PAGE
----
In this series my collaborators are silent, but essential. The figures I use are made for model train sets, and they all come from the same manufacturer. They are crafted with incredible precision and care, and have made it possible for me to create work with much more depth than if they were not, in themselves, so fascinating.

How and when do you decide to celebrate a victory?
Victory is its own reward, right? When it’s not, ice cream!*

* San Francisco is the home of some mighty fine purveyors of frozen treats, but I travel a lot, so I’m always interested to hear of new places to try..feel free to offer your suggestions!

What quote keeps you motivated? What does that quote mean to you?
“You are here.”

It is simple, and profound. Sometimes it’s just a locational fact, sometimes it is great ponderable wisdom of the ages. It is a reminder that I often need. My curiosity can become a liability and lead to distraction. When I remind myself to be present just where I am, I get a lot more out of what is in front of me and who I’m with. It’s delightful that the phrase appears in the world, unlooked for. When I see it, even on a map in a subway station, it reminds me to stop and look around.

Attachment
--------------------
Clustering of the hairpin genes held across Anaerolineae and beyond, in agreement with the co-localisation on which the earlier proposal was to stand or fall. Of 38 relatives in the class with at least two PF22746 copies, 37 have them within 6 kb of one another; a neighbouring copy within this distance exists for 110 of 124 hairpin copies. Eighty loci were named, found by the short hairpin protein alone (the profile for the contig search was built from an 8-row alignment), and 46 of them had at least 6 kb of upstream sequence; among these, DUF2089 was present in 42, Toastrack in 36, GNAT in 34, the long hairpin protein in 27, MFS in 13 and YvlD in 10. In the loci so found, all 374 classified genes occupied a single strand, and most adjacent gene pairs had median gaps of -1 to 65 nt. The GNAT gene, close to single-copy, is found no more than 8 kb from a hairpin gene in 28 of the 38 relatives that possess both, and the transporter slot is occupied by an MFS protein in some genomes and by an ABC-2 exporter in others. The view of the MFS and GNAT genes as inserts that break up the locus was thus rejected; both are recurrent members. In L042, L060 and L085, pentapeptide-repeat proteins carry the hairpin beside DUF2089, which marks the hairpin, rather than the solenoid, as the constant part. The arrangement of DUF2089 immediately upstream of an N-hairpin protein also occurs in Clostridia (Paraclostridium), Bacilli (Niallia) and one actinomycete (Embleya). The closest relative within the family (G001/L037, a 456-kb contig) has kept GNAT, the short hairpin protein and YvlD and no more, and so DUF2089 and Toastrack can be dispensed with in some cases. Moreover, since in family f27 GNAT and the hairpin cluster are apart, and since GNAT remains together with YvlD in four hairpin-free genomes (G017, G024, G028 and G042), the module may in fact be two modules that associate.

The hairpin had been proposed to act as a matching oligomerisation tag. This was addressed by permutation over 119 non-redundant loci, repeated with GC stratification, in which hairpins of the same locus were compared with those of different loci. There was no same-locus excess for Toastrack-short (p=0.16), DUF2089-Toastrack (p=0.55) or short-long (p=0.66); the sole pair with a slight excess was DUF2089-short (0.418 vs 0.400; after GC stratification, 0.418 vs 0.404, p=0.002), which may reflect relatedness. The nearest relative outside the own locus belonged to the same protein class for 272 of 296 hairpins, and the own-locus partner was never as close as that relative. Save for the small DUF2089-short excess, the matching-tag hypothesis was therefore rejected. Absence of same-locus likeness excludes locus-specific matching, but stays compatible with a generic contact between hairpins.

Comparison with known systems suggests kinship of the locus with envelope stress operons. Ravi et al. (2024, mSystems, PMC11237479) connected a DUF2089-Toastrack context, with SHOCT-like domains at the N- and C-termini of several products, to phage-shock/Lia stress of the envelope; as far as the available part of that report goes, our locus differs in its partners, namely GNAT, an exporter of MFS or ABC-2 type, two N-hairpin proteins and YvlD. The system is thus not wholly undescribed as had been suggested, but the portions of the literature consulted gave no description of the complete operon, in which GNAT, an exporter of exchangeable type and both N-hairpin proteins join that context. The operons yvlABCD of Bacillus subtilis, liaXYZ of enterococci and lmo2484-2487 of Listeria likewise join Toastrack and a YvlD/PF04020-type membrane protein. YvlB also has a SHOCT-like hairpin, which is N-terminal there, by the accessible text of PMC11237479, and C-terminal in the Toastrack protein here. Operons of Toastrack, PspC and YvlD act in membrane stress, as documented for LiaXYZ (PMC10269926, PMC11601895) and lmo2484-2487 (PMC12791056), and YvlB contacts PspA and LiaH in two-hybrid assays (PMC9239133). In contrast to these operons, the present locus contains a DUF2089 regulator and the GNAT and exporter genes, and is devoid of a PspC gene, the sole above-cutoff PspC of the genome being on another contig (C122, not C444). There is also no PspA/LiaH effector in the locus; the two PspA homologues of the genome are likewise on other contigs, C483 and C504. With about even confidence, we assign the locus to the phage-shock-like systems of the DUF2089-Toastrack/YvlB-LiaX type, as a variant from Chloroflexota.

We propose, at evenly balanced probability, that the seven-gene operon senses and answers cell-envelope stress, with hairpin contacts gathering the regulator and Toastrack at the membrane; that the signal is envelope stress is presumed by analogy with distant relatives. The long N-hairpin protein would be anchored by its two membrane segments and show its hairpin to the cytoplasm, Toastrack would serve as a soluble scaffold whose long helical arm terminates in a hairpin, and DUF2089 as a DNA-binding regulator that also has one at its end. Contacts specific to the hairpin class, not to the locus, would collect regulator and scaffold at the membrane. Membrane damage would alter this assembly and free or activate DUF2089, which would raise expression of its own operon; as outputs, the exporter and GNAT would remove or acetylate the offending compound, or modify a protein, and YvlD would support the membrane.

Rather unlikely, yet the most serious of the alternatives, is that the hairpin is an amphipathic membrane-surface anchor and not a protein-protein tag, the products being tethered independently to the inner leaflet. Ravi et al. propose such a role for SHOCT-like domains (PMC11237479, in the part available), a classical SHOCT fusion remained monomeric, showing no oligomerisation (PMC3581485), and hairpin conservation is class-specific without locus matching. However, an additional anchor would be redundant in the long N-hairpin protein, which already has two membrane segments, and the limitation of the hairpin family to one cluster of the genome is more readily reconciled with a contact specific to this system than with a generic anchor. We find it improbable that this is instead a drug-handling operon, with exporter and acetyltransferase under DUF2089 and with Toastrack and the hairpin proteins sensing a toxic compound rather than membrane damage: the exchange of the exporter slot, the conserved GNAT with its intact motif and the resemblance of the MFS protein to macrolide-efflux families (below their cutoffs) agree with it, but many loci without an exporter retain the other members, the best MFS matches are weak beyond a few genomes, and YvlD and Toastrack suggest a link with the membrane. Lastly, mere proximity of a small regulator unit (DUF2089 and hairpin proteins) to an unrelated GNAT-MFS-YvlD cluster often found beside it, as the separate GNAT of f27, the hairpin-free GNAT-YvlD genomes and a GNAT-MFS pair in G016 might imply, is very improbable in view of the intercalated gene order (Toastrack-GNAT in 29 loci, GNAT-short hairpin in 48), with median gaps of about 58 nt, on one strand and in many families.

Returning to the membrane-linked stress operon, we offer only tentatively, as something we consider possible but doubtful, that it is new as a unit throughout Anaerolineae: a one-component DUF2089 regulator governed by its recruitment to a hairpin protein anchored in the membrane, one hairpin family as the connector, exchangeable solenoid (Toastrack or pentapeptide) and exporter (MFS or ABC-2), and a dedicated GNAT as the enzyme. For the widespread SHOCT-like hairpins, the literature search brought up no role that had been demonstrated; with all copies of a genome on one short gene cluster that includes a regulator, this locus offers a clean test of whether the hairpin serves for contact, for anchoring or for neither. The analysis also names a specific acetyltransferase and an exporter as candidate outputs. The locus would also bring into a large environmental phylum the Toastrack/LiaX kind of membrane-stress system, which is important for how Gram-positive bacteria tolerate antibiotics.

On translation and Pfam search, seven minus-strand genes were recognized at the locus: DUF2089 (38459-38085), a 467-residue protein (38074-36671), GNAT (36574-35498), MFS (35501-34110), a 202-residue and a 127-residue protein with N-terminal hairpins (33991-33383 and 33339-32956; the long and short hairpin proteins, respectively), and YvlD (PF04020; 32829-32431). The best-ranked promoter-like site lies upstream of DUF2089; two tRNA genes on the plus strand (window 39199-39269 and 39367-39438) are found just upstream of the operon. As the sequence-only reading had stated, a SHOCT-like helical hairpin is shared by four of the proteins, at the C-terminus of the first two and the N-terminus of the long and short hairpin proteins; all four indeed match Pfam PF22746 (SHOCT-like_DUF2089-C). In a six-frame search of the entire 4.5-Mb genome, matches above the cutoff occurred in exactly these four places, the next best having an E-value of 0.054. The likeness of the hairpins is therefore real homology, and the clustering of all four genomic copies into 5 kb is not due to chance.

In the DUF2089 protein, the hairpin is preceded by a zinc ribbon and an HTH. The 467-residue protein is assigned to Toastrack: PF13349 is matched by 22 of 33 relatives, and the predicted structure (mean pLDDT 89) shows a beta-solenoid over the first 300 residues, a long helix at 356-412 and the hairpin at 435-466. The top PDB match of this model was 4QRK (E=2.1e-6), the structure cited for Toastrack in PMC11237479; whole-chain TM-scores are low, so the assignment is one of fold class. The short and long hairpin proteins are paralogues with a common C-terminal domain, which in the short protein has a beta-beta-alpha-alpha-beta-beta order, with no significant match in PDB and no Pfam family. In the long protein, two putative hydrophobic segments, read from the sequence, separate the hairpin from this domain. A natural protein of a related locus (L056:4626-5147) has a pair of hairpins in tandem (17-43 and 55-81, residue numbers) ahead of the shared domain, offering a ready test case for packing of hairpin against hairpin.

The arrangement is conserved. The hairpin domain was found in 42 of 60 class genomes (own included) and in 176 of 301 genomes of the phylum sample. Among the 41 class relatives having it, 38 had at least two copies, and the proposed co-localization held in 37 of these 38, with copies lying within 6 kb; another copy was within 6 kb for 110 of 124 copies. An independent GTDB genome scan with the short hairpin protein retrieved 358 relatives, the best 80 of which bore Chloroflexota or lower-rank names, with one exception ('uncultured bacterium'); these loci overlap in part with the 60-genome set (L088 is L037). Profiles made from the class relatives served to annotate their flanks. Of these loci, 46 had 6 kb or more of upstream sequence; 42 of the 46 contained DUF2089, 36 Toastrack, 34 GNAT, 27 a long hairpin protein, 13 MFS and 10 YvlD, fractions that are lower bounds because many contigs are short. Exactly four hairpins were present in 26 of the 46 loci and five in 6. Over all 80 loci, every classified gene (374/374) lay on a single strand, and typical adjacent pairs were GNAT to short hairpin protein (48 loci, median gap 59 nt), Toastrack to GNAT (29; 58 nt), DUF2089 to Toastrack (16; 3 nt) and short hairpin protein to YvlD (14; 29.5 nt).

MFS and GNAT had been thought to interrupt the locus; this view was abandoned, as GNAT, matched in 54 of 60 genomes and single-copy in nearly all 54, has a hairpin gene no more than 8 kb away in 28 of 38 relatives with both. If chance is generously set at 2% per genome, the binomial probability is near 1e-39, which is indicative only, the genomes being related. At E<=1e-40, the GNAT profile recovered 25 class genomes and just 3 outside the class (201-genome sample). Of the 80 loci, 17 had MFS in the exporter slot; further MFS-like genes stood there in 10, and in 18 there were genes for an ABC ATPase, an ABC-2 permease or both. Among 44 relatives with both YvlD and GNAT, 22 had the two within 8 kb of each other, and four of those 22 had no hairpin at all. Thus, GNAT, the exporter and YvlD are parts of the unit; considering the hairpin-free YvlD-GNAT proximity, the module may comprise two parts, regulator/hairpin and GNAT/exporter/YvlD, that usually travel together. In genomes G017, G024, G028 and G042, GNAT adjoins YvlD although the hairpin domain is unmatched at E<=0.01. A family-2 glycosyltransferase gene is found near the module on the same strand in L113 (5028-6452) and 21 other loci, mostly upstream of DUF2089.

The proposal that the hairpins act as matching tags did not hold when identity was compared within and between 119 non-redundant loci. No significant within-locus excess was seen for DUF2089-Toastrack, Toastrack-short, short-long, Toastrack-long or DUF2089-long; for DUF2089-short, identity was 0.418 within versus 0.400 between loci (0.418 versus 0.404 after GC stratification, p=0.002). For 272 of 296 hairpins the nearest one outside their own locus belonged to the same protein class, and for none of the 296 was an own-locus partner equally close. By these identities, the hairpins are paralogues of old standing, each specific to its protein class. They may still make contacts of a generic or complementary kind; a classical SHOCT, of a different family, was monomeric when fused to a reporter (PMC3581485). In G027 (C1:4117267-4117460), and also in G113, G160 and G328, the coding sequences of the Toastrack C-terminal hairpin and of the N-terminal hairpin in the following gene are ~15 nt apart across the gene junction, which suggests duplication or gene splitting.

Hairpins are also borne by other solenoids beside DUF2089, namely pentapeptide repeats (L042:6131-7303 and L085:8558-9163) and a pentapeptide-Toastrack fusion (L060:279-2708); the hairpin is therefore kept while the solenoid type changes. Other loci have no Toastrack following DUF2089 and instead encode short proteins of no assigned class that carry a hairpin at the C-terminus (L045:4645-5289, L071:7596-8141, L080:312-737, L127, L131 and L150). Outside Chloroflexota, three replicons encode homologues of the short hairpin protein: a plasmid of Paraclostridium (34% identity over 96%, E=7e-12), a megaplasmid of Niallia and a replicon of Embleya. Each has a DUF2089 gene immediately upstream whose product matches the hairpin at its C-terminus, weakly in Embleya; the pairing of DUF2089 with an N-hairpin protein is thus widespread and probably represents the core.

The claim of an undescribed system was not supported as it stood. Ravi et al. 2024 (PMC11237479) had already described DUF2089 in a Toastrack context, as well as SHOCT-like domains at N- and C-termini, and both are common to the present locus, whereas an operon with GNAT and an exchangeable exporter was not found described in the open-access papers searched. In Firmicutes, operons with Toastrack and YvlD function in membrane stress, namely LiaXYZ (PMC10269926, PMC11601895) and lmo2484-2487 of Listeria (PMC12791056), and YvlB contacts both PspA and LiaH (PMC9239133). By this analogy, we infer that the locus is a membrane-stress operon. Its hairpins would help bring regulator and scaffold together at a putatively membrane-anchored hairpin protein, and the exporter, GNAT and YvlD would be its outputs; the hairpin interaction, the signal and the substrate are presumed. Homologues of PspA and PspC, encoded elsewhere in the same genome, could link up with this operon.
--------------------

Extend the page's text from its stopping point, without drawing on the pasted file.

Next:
How do you recharge your creativity?
Serious play is the best recharger for me. Learning, experimenting, trying out new things, can put me in that childlike state of mind where I’m open to new ideas and new ways of doing things. I don’t mean “childlike” to sound simple, or superficial. I mean REAL child-like: when the world is fresh and full of wonder, and a little scary and mystifying and out of control.

What advice would you offer the you of 5 years ago?
Don’t be so afraid of making mistakes. I don’t get better by figuring out how to do things right; I get better by doing things. Jump in.

Gift Guides

Uncommon Gifts for the Pinterest Addict

November 28, 2012

She knows her way around the craft store and will try any slow cooker recipe at least once. She’s quick to reuse scraps of fabric, empty mason jars, and even old cardboard boxes. She’s got a new quote daily, which is perfect, because those canvases and sticky letters aren’t going going to put themselves together to create inspirational wall art. She’s the queen of the color palette. The creator of copious cupcakes. The steward of style. Now, thanks to Pinterest, all her DIY dreams are just a click away. But, even the most persistent pinner needs a break during the holiday season. Help her take a load off by presenting her with one of these pinworthy products perfect for the Pinterest Addict.

Instrumental Lighting–Trumpet / Upcycled Sweater Moose Head / Hattie Apron / State Table / Instabook / Felt Animal Kits / Upcycled Sari Clutch / Cake Pops Stand / Flavor Infuser Water Bottle